This week was a great week to be a shareholder of Oshkosh .
On Tuesday, the U.S. Pentagon awarded the company formerly known as Oshkosh Truck a truck-making contract that could be worth billions of dollars over the years to come. Specifically, the Pentagon picked Oshkosh to build it a fleet of Joint Light Tactical Vehicles, or JLTVs, the new armored trucks that will replace the Army's venerable Humvees.
Yes, indeedy, folks. After eight long years of hemming and hawing, the Army has finally decided on the final specs for its Humvee replacement vehicle. Oshkosh's new four-wheeled JLTV can be configured as a two-seat utility vehicle, a four-seat general-purpose armored truck, and a four-seat armed vehicle, the "Close Combat Weapons Carrier." Each variant can also tow a companion trailer.
Oshkosh promises that all of its JLTVs will feature:
- Speeds 70% faster than Oshkosh's own M-ATV off-road MRAP.
- The underbody protection of an MRAP-class vehicle.
- The off-road mobility of aBajaracer.
- The ballistic protection of a light tank.
That's a lot of truckOshkosh will be building a lot of these trucks. As detailed in its press release, the company says theU.S. Army Tank-automotive and Armaments Command has hired Oshkosh to build about 17,000 JLTVs over the next eight years. This contract begins with an initial $114.7 million award but will rapidly expand into a $6.7 billion program to replace a sizable portion of the Pentagon's Humvee fleet with new, all-terrain, light armored trucks.
And that's not all: 17,000 JLTVs won't even come close to the Army's ultimate goal of upgrading its 120,000-strong fleet of Humvees, many of which lack armor protection that's essential in hostile environments. Over time, The Wall Street Journalestimates, the Pentagon will need to buy 55,000 JLTV vehicles to upgrade the Humvee fleet. Extrapolating from the value of the initial contract, that suggests the Army could ultimately pay Oshkosh $21.7 billion for its work on JLTV -- and then pay billions more to maintain, upgrade, and replace these vehicles over time.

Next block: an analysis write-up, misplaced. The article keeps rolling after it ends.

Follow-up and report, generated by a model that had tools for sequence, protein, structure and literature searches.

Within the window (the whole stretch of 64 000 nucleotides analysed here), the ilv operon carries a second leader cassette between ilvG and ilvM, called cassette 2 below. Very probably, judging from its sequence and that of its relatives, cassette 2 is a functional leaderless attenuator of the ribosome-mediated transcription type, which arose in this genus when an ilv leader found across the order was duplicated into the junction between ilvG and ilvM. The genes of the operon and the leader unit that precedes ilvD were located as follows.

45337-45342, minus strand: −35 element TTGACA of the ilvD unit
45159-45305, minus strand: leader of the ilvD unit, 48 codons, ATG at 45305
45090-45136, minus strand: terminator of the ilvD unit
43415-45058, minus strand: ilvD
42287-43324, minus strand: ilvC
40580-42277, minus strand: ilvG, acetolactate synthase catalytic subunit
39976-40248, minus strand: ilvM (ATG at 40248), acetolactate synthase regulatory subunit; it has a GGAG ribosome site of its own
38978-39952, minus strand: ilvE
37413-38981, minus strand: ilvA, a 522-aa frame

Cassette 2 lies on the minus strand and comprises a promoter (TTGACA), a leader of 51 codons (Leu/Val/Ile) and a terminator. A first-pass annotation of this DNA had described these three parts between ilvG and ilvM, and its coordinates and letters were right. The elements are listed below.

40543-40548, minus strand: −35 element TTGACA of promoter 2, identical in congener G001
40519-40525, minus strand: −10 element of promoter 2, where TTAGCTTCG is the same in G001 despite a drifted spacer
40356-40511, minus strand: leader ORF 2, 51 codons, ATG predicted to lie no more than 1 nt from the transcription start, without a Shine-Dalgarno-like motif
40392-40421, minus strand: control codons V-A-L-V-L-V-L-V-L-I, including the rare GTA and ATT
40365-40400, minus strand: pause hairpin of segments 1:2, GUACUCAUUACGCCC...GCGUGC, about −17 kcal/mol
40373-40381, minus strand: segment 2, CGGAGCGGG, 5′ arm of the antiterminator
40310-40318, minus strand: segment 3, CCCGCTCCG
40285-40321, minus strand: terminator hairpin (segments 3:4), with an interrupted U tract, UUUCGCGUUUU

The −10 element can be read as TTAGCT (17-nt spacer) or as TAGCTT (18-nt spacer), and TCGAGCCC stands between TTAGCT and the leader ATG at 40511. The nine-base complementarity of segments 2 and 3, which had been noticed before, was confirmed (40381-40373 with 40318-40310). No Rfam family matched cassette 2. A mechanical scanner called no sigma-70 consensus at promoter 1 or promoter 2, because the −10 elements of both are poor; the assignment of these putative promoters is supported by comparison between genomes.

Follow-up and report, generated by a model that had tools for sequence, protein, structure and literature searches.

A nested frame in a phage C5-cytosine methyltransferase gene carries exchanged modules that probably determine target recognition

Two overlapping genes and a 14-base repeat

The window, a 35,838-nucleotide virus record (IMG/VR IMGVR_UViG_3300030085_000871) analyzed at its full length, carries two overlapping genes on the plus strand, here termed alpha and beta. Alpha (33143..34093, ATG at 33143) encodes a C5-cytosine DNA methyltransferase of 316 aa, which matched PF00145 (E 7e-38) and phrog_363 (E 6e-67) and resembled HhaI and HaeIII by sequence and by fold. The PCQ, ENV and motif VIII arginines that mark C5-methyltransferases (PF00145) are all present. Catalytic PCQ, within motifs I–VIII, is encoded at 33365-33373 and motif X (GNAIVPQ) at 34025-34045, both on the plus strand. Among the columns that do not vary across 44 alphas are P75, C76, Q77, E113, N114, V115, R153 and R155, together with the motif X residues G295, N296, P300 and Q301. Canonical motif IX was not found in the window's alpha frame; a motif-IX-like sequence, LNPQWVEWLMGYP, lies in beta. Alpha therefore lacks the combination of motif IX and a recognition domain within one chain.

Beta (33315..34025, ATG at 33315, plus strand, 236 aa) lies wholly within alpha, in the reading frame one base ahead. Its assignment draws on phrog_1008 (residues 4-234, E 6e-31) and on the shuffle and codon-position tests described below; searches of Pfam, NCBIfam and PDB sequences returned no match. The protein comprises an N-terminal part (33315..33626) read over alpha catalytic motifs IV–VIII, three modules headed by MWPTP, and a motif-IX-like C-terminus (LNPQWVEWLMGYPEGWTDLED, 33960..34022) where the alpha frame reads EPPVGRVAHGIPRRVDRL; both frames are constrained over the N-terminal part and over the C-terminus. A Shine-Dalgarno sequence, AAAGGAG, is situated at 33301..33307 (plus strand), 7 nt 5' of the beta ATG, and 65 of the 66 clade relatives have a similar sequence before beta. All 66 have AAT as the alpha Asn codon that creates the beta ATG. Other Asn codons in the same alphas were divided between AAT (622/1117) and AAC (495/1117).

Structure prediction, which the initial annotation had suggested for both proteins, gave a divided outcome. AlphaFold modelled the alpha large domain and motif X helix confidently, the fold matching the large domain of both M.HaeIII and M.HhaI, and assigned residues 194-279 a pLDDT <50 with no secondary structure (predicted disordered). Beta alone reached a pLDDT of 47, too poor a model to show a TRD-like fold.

JLTV contract in hand, Oshkosh stock is ready to motor. Image source: Oshkosh.
Now, what does all of this mean for investors?
What Oshkosh's win means to youSimply put, this all means that Oshkosh stock has just become a much more attractive stock to own. Granted, the stock had a rough three months last quarter. Granted, too, it's still carrying a heaping helping of debt on its balance sheet. S&P Capital IQ reports a long-term debt load of $860 million -- but $21.7 billion worth of Pentagon cash should make short work of that debt load.
Most important, at a current valuation of just 13 times trailing earnings, but projected to grow those earnings at 15% annually over the next five years, Oshkosh stock already looks cheap according to value investors' standard definition of "P/E divided by growth equals less than 1" -- the PEG ratio.
It could begin to look even cheaper than this, as more and more Humvees get replaced, and Oshkosh's JLTV contract triples in size, as I expect will happen. To put this contract in perspective, the $21.7 billion that JLTV production alone will generate for Oshkosh is 3.5 times the company's entire revenue stream -- from all the products it sells -- over the past year.
As those revenues roll in, enabling efficiencies of production and producing fatter and fatter profit margins, I expect Oshkosh stock to richly reward shareholders in the years to come.
Oshkosh stock used to look like an underdog, but with the JLTV contract in hand, it promises to produce big profits for shareholders going forward. Image source:Oshkosh.
The article Who Will Replace the Humvee? Oshkosh, and Its JLTV originally appeared on Fool.com.
Rich Smithdoes not own shares of, nor is he short, any company named above -- but he's giving serious consideration to buying some Oshkosh. You can find him onMotley Fool CAPS, publicly pontificating under the handleTMFDitty, where he's currently ranked No. 260 out of more than 75,000 rated members.The Motley Fool has no position in any of the stocks mentioned. Try any of our Foolish newsletter services free for 30 days. We Fools may not all hold the same opinions, but we all believe that considering a diverse range of insights makes us better investors. The Motley Fool has a disclosure policy.
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